Water play table with citrus and flowers
Photo by Rachel Withers

7. Water

Water is another fun sensory experience for children, especially in warm weather. Kids love to run through a sprinkler on a hot day, play with water balloons, splash in the creek or kiddie pool, take extra baths, and water the garden. You can also use water play tables or make your own water wall.

Kids playing with aquafaba
Photo by Rachel Withers

8. Aquafaba

Aquafaba is a newer sensory play material made using the liquid from a can of chickpeas. If you’ve never hear of it, be sure to check out our recipe and instructions on this fun taste safe material for babies on up!

Kids playing with bubble foam and animals
Photo by Rachel Withers

9. Bubble Foam

This sensory activity also has what it takes to become a messy play experience. For this, all you need is a bit of water and a few squirts of dish soap. Once blended together, the mixture should become nice and thick.

You can pour the soap and water mixture onto a tray and let the kids play in it. Or add a couple of drops of food coloring to turn the foam into the kids’ favorite colors so they can create some foamy sensory art.

Recipe: Bubble foam is 1 part (tear free) bubble bath to 2 parts water.

Kids playing at rice table with pom poms
Photo by Rachel Withers

10. Rice Bin

Rice bins present a calming and quiet opportunity for kids to explore sensory play. Dyed rice is easy to make with a teaspoon of vinegar and a squirt of food coloring or liquid watercolors added to a bag of rice. For multiple colors, add 3 cups of rice per Ziploc. Seal and shake to incorporate color into the rice. Let dry and rice will keep indefinitely.

Add pom poms, scoops and vessels or small plastic animals or construction vehicles for kids to play with.

DIY Zen Garden Sand Tray
Photo by Jean Van’t Hul

11. Sand

Sand is a wonderfully tactile material and great for all kinds of sensory play and experiences. Here are a few ideas to try:

Giant water beads
Photo by Rachel Withers

12. Water beads 

Water beads have long been a favorite in our house as they are soothing to touch and can be a relaxing way to start or end a day. Playing with them can help calm an upset child or soothe a high strung one.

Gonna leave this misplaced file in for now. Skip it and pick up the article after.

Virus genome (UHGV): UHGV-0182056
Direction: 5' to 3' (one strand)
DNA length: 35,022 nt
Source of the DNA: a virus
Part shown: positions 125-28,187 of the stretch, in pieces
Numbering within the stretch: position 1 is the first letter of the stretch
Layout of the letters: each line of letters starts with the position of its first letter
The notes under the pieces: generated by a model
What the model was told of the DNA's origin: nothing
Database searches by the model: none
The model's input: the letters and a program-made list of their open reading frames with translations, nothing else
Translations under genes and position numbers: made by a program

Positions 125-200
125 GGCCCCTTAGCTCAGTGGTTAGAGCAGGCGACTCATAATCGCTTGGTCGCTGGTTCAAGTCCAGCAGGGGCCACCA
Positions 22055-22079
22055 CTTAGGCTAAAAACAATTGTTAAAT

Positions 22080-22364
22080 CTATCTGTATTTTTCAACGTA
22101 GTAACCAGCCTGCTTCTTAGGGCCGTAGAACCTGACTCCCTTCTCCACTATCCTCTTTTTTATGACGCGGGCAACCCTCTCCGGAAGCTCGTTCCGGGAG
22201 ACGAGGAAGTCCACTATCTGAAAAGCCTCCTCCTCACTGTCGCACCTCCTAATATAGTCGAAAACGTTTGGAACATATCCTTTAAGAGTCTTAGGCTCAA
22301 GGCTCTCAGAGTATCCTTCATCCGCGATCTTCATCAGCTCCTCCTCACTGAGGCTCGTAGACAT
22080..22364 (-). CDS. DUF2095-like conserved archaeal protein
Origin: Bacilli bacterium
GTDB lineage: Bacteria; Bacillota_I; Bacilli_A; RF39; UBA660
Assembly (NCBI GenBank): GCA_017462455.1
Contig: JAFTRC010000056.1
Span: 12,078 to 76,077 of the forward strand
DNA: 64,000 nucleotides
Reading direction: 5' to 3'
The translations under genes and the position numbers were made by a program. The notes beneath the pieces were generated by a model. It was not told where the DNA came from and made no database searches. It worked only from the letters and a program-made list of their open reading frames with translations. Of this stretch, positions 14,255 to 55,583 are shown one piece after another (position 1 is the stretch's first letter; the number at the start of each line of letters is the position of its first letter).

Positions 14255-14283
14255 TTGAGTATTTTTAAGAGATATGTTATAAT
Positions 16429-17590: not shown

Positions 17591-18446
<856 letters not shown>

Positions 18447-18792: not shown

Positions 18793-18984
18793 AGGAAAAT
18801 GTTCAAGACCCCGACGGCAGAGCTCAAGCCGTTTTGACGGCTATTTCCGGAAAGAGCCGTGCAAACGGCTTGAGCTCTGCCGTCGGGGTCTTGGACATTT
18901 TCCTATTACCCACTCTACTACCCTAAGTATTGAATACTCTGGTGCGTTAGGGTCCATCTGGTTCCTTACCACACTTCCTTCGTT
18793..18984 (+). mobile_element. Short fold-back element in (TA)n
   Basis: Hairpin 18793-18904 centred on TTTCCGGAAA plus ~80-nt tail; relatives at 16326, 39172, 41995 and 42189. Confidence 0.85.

Coloring tapioca pearls (an edible water bead alternative)
Photo by Rachel Withers

Despite all that we love about water beads, they do pose a serious health concern if swallowed so this is only an activity to do WITH your child under close parental supervision. If your child puts things in his/her mouth, we recommend exploring edible replacements for water beads such as tapicoa balls or pearls.

Photo by Rachel Withers

13. Bubble Wrap

Use bubble wrap from a recent package and let your toddler turn it into an art piece. Place some different colors of paint on a tray and then show your toddler or preschooler how to press the bubble wrap into each paint color.

They can then transfer the bubble wrap to paper to create beautiful artwork. Bubble wrap makes for a good sensory material because the bubbles can be squished and popped. Even babies love it!

See Bubble Wrap Printing and Painting for more painting ideas with little ones.

Child fingerpainting
Photo by Jean Van’t Hul

14. Finger Paint

Finger painting is one of the ultimate sensory art experiences for young children! Kids have permission to cover their hands with paint and slip, slide their fingers through gooey color.

Finger paint is the epitome of sensory art and, for young children, especially, sensory art is important for development and even helps them learn.

Crazy Aarons Thinking Putty - Three Kinds

15. Crazy Aaron’s Thinking Putty 

Crazy Aaron’s Thinking Putty a top requested present for birthdays and Christmas and a favorite gift to give to friends. This stuff is played with, stretched, and fiddled with more than probably anything else in the house.

How about you? What are your family’s favorite sensory materials?

Watermelon themed sensory bin with rice & pasta
Photo by Erin DeThomas